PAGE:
Two patients died after contracting a pigeon feces infection in the hospital



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Two patients died after contracting a fungal infection associated with pigeon feces in a Glasgow hospital.

The NHS Greater Glasgow and Clyde (NHSGCC) have launched an investigation into the death of one patient at Queen Elizabeth University Hospital in Glasgow, with the cause still to be determined.

The health council said the second affected patient – the elderly – died of an unrelated problem.

Control measures were taken immediately after two cases of Cryptococcus were detected.

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A spokesman said, "Our thoughts are with family at this difficult time.

"Because of patient confidentiality, we cannot share further details of the two cases.

"This organism is not dangerous for most people and rarely causes disease in humans."

This infection is caused by inhaling the fungus Cryptococcus, mainly found in soil and pigeon feces.

The NHSGCC said sources that might be found in non-public areas away from the ward and their waste were removed.

The health council said a small number of children and adult patients who were vulnerable to infection received treatment and this proved effective.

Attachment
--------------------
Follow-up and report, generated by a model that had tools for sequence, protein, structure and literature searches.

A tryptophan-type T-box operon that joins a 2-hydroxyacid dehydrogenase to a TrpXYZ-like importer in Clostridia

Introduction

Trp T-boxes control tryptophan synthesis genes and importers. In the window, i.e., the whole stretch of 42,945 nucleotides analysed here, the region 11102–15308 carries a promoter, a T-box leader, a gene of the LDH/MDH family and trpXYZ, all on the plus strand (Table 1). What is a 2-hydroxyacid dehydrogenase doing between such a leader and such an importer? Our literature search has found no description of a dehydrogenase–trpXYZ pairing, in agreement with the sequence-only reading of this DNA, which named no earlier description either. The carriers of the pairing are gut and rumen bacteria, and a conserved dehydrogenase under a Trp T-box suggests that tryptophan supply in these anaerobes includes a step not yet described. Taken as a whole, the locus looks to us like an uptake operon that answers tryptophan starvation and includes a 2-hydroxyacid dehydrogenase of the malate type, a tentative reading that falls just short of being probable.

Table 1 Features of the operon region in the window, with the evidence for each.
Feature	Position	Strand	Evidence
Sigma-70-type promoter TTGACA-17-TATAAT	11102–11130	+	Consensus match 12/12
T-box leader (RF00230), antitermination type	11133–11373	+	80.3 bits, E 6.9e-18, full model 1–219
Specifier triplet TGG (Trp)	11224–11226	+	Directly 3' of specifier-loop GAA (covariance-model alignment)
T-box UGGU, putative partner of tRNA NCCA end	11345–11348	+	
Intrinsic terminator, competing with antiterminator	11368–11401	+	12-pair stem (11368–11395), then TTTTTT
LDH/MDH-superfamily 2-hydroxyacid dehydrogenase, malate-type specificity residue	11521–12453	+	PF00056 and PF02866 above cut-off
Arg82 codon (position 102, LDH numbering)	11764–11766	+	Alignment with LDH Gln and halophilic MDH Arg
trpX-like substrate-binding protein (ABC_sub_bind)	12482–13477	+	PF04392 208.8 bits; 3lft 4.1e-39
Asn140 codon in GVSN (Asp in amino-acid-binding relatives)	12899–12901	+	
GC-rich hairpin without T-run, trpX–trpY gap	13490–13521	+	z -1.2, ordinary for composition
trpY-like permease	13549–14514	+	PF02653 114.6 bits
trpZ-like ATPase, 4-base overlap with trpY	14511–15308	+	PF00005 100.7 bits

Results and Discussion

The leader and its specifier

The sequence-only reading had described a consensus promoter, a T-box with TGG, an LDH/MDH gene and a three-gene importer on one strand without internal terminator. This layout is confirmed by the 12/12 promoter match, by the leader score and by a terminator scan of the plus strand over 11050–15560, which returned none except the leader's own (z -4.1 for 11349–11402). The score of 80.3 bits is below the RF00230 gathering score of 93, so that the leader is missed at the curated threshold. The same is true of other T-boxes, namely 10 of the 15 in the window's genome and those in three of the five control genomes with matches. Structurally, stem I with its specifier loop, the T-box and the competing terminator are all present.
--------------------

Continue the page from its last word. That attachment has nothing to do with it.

Teresa Inkster, NHSGCC's main consultant for infection control, said: "Cryptococcus lives in environments throughout the world. This rarely causes infection in humans.

"People can become infected after breathing microscopic fungi, although most people who are exposed to the fungus have never been sick of it.

"There are no further cases since the control measures took effect.

"In the meantime we continue to monitor air quality and these results are being analyzed.

"This remains our priority to ensure a safe environment for patients and staff."

As an extra precaution, the health board has installed portable HEPA filter units in certain areas, which filter the air continuously.

The NHSGCC said that during the investigation, separate problems arose with sealants in several bathrooms.

Improvements are underway and the maintenance team is working to fix the problem as soon as possible with minimum disruption, he said.

The health council added that as a further precautionary measure, a certain group of patients were moved inside the hospital because of clinical diagnosis and ongoing care.

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The shadow worker secretary of Scottish Labor Monica Lennon said: "This is our tragic news and thoughts with family and friends of two people who have died.

"Patients and the wider community need to be convinced because the problem is pressing that this unit is safe.

"The Scottish government and health council must ensure that appropriate investigations are proceeding quickly and Health Secretary Jeane Freeman must renew parliament as soon as possible."

Glasgow Scottish Conservative MSP Annie Wells said: "This is a worrying revelation, and that will cause concern among staff, patients, and families.

"It is very important that this situation is controlled immediately before increasing.

"Urgent investigation is needed to get answers that will be asked by the family."

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